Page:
reviews

Colorless Contemporary…Emmy & Oliver by Robin Benway Audiobook Review

Title: Emmy & Oliver

Author: Robin Benway

Publisher: HarperCollins

Format: Audiobook

Narrator: Phobe Strole

Running Time: 8 hours, 54 minutes, 7 seconds

Source: OverDrive/Public Library

Goodreads Summary: Emmy’s best friend, Oliver, reappears after being kidnapped by his father ten years ago. Emmy hopes to pick up their relationship right where it left off. Are they destined to be together? Or has fate irreparably driven them apart?

Emmy just wants to be in charge of her own life.

She wants to stay out late, surf her favorite beach—go anywhere without her parents’ relentless worrying. But Emmy’s parents can’t seem to let her grow up—not since the day Oliver disappeared.

Oliver needs a moment to figure out his heart.

He’d thought, all these years, that his dad was the good guy. He never knew that it was his father who kidnapped him and kept him on the run. Discovering it, and finding himself returned to his old hometown, all at once, has his heart racing and his thoughts swirling.

Emmy and Oliver were going to be best friends forever, or maybe even more, before their futures were ripped apart. In Emmy’s soul, despite the space and time between them, their connection has never been severed. But is their story still written in the stars? Or are their hearts like the pieces of two different puzzles—impossible to fit together?

Readers who love Sarah Dessen will tear through these pages with hearts in throats as Emmy and Oliver struggle to face the messy, confusing consequences of Oliver’s father’s crime. Full of romance, coming-of-age emotion, and heartache, these two equally compelling characters create an unforgettable story.

Well. This book was okay. Not spectacular, but I wasn’t expecting anything spectacular. I guess I’m a little underwhelmed.

The characters of Emmy & Oliver aren’t particularly memorable. They’re your trypical white, suburban teens, nothing interesting. Even Oliver, a kidnapping victim, was bland. Did he experience any trauma or anything? Not really, not to the extreme. The most vivid character was Caro, one of Emmy’s best friends and a side character who barely gets any page time. But even she’s not much. There are Emmy’s ridiculously overprotective parents who bugged me to no end (I can’t imagine living in such a controlling household), but I wouldn’t say they were a plus.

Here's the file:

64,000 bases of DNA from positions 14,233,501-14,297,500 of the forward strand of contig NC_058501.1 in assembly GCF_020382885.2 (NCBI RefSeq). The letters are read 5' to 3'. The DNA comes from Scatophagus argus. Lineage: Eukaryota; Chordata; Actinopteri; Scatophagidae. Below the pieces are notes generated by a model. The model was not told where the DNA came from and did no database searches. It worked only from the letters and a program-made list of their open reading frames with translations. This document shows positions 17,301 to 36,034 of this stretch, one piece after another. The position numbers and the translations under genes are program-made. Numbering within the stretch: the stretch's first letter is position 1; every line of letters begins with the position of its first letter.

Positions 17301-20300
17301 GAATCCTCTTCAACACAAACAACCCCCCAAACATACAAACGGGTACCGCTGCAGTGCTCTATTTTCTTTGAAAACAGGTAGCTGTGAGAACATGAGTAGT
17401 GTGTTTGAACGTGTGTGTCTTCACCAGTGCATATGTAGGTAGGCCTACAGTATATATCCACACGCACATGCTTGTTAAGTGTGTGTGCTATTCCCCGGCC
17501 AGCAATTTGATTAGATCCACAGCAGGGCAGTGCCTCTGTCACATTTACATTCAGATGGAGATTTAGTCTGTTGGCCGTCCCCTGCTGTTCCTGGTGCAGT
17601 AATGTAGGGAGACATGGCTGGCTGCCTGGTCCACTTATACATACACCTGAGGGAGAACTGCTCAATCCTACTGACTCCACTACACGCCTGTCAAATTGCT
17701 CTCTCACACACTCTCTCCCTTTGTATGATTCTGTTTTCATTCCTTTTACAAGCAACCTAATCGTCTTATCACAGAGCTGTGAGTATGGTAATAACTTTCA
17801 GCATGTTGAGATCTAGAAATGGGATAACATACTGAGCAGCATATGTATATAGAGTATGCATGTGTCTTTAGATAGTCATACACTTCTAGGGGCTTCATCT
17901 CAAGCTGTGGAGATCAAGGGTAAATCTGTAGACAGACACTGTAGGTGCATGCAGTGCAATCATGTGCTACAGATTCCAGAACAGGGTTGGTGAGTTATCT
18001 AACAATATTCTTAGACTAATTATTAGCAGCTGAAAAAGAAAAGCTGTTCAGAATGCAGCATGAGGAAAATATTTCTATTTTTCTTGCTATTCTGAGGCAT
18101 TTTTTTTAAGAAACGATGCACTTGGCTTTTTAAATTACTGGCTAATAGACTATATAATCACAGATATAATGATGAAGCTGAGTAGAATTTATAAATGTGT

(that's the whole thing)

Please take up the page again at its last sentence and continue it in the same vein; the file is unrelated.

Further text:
Ask me the true plot of Emmy & Oliver and I honestly couldn’t tell you much. “A boy comes home from being kidnapped and the girl next door gets a crush on him” would be my best attempt and even that makes it sound more exciting than it actually is. Honestly not much happened throughout the story. There weren’t any huge twists or surprises and I saw plot points coming a mile ahead. I found myself wishing I was reading from Oliver’s perspective.

The romance is lackluster. There’s no tension, no urgency, no push and pull, no conflict. Emmy and Oliver were childhood friends, Oliver was kidnapped, Oliver returns, and Emmy and Oliver get together. That’s pretty much how it goes. There’s no real emotion put into the romance.

All in all, I wish this had been more. The premise is promising, but somehow got flattened and made boring. It’s an okay book, that’s all I can really say…

Phoebe Strole is a talented narrator and I always enjoy her work, but even she couldn’t make this novel interesting. She does a decent job with the narration, but the problem is that there’s not much heartfelt material to put emotion into. For that reason, the material didn’t translate well to audio. Strole does her best, injecting feeling into her narration in the few places she can, but the who thing just felt half hearted and lacking. Emmy & Oliver definitely wasn’t my favorite audiobook, despite Strole’s effort.

Final Rating:

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